Kosovo still divided; more bodies unearthed

Kosovo’s Albanian-led interim regime has issued a “Plan B” for administrative decentralization following the recent rejection of the original pilot project by local Serb leaders. Kosovo’s minister for local self-government, Lutfi Haziri, said Serb objections had been taken into account, compromising on the boundaries of internal districts. The government gave Serb political leaders until Aug. 10 to say whether they will accept the revised plan. If they reject it, the government will revert to its original pilot project. But Oliver Ivanovic, a leader of the Serbian Lists for Kosovo and Metohija, said that Serb representatives do not recognize any deadline for reaching their decision. (RFE/RL Newsline, Aug. 10) Kosovo’s government is under international pressure to do more for minority rights and democracy before a decision on whether “final status” talks can start this year. A major issue is decentralising power to Serbs, who live in enclaves guarded by NATO-led peacekeepers. (Reuters, Aug. 10)

Meanwhile, Serbian authorities in Belgrade are returning the bodies of 84 ethnic Albanians killed during the 1998-99 Kosovo war—the largest single return of war dead in the province. The bodies, exhumed from a mass grave on the grounds of a police training center just outside Belgrade, will be handed over to their families and UN officials in the border area of Merdare, 25 miles north of Kosovo’s provincial capital, Pristina.

The remains are believed to be those of ethnic Albanian civilians killed by Serb forces during the war and removed from Kosovo in an apparent cover-up attempt by former Yugoslav President Slobodan Milosevic.

Authorities in Serbia said that, out of 836 bodies of Kosovo Albanians found in mass graves in Serbia, 566 had been identified and nearly 500 returned to their families. The remaining 270 bodies are expected to be identified by the end of the year. Families in Kosovo have repeatedly demanded that all the war dead exhumed be returned immediately. Nearly 3,000 people remain still listed as missing. An international team is conducting DNA analysis from bone samples to match remains with the relatives of missing people. (AP, Aug. 10, via Kosova Report)

See our last report on the still-simmering Balkan crisis.

  1. Privatization
    Meanwhile, as the Serbs and Albanians remain at odds over the borders of their cantons, Kosovo’s mineral and industrial resources are slipping into private foreign hands. The UN administrators of the province have approved the sale of the Ferronikeli nickel smelting complex to Swiss-based International Mineral Resources, a company with mining assets in the Balkans, Central Asia and Africa. A steel mill, rubber plant and flour mill have also recently been privatized. (FT, Aug. 11)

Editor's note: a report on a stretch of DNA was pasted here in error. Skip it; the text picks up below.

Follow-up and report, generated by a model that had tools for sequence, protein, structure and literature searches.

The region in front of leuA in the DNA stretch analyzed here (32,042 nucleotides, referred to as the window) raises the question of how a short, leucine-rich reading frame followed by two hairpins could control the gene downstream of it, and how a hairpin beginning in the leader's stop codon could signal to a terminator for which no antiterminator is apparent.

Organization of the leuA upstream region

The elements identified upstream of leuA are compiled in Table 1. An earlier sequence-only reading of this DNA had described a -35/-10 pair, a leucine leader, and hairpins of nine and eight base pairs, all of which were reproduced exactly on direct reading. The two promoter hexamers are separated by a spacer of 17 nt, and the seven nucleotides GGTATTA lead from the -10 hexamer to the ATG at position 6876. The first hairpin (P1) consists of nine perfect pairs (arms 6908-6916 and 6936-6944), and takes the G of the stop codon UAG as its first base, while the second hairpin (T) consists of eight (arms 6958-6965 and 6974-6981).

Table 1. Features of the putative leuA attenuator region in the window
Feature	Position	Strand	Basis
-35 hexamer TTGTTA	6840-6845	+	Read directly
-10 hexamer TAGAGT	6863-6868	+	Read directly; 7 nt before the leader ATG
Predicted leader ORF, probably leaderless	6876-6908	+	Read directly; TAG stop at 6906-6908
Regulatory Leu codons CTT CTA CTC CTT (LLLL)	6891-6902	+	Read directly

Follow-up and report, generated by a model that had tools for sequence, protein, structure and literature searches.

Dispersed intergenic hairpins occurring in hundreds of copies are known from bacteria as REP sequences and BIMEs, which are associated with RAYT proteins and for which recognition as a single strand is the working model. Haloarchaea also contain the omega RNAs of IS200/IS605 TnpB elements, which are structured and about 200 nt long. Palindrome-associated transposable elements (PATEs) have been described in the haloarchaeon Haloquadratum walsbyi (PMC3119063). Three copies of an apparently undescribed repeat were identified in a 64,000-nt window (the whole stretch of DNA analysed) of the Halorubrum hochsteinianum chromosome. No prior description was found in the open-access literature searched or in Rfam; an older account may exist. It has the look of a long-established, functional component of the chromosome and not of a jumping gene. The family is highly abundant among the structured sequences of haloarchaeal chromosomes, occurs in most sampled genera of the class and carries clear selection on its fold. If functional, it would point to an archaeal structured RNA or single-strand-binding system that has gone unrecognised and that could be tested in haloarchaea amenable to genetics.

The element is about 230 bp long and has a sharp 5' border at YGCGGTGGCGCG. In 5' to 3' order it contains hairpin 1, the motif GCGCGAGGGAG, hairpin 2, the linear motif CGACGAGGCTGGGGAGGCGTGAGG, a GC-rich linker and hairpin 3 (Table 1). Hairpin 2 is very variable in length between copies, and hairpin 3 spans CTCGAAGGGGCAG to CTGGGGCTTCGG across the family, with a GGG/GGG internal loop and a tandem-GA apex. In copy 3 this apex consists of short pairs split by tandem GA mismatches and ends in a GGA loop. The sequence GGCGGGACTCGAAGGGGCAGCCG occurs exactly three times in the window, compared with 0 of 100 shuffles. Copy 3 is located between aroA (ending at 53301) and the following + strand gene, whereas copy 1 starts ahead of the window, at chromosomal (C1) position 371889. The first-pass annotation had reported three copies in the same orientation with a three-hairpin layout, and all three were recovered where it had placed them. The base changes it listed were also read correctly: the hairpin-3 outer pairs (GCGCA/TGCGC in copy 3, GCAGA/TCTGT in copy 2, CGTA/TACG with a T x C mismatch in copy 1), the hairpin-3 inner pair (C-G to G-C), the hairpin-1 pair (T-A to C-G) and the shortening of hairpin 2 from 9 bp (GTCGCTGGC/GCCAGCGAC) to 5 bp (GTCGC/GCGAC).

1. That’s called Economic development.
      What other way do you expect for jobs to come to Kosovo, fall out of the sky?
      The Swiss company is bying a burnt out shell of a company and they have to invest Millions of Dollars to bring it back up to speed. Then they will exploit the mines and kick start the Kosovo economy.
      This is how it happens all over the world, why would you expect Kosovo to be any different?

      1. That’s called stealing your resources.
        I don’t expect Kosovo to be any different. Just because it is happening all over the world doesn’t make it any less sad. Perhaps the Swiss will kick-start Kosovo’s economy, but you will be working for foreign bosses, and real national sovereignty will be that much more difficult to achieve.

        I’m not saying I have any easy answers. But I’ll also point out that a part of the reason the factory is a burned-out shell is that it got bombed by NATO. This is then used as a mandate for privatization. Maybe there is something to the conspiracy theory that the bombing was really about destroying the last remnants of Yugoslav socialism.

  2. To all the leftists against the NATO bombing!
    This is what was happening in Kosovo before NATO intervened. Serbia was making dead bodies out of the Albanians. And now, 6 years after, they still have our bodies.
    Is this what antiwar is about. It’s OK to kill innocent people, but it is wrong to intervene when you have the power on the basis of “international law”. Where was international law when the Albanians were getting killed?

    1. NATO made the situation worse
      Ylber, there were 200,000 Albanian refugess displaced from their homes in Kosovo before the bombing. There were 800,000 after. The bombing only prompted Milosevic to dramatically escalate the “ethnic cleansing.” Perhaps that was even its intent. And the bombing killed plenty of innocent people too (Serb and Albanian alike). I don’t see how you can condemn the “cleansing” without condemning the bombing. I seem to be about the only person in the world who takes this position, but it strikes me as the only logical and consistent one.

      What were the alternatives? The international community could have recognized Ibrahim Rugova’s parallel government (something it still hasn’t done). If this had happened early enough, the 1999 Kosovo crisis could have been avoided altogether, perhaps. A very similar situation in East Timor was resolved without military intervention, no? And East Timor has acheived independence today, while Kosovo hasn’t…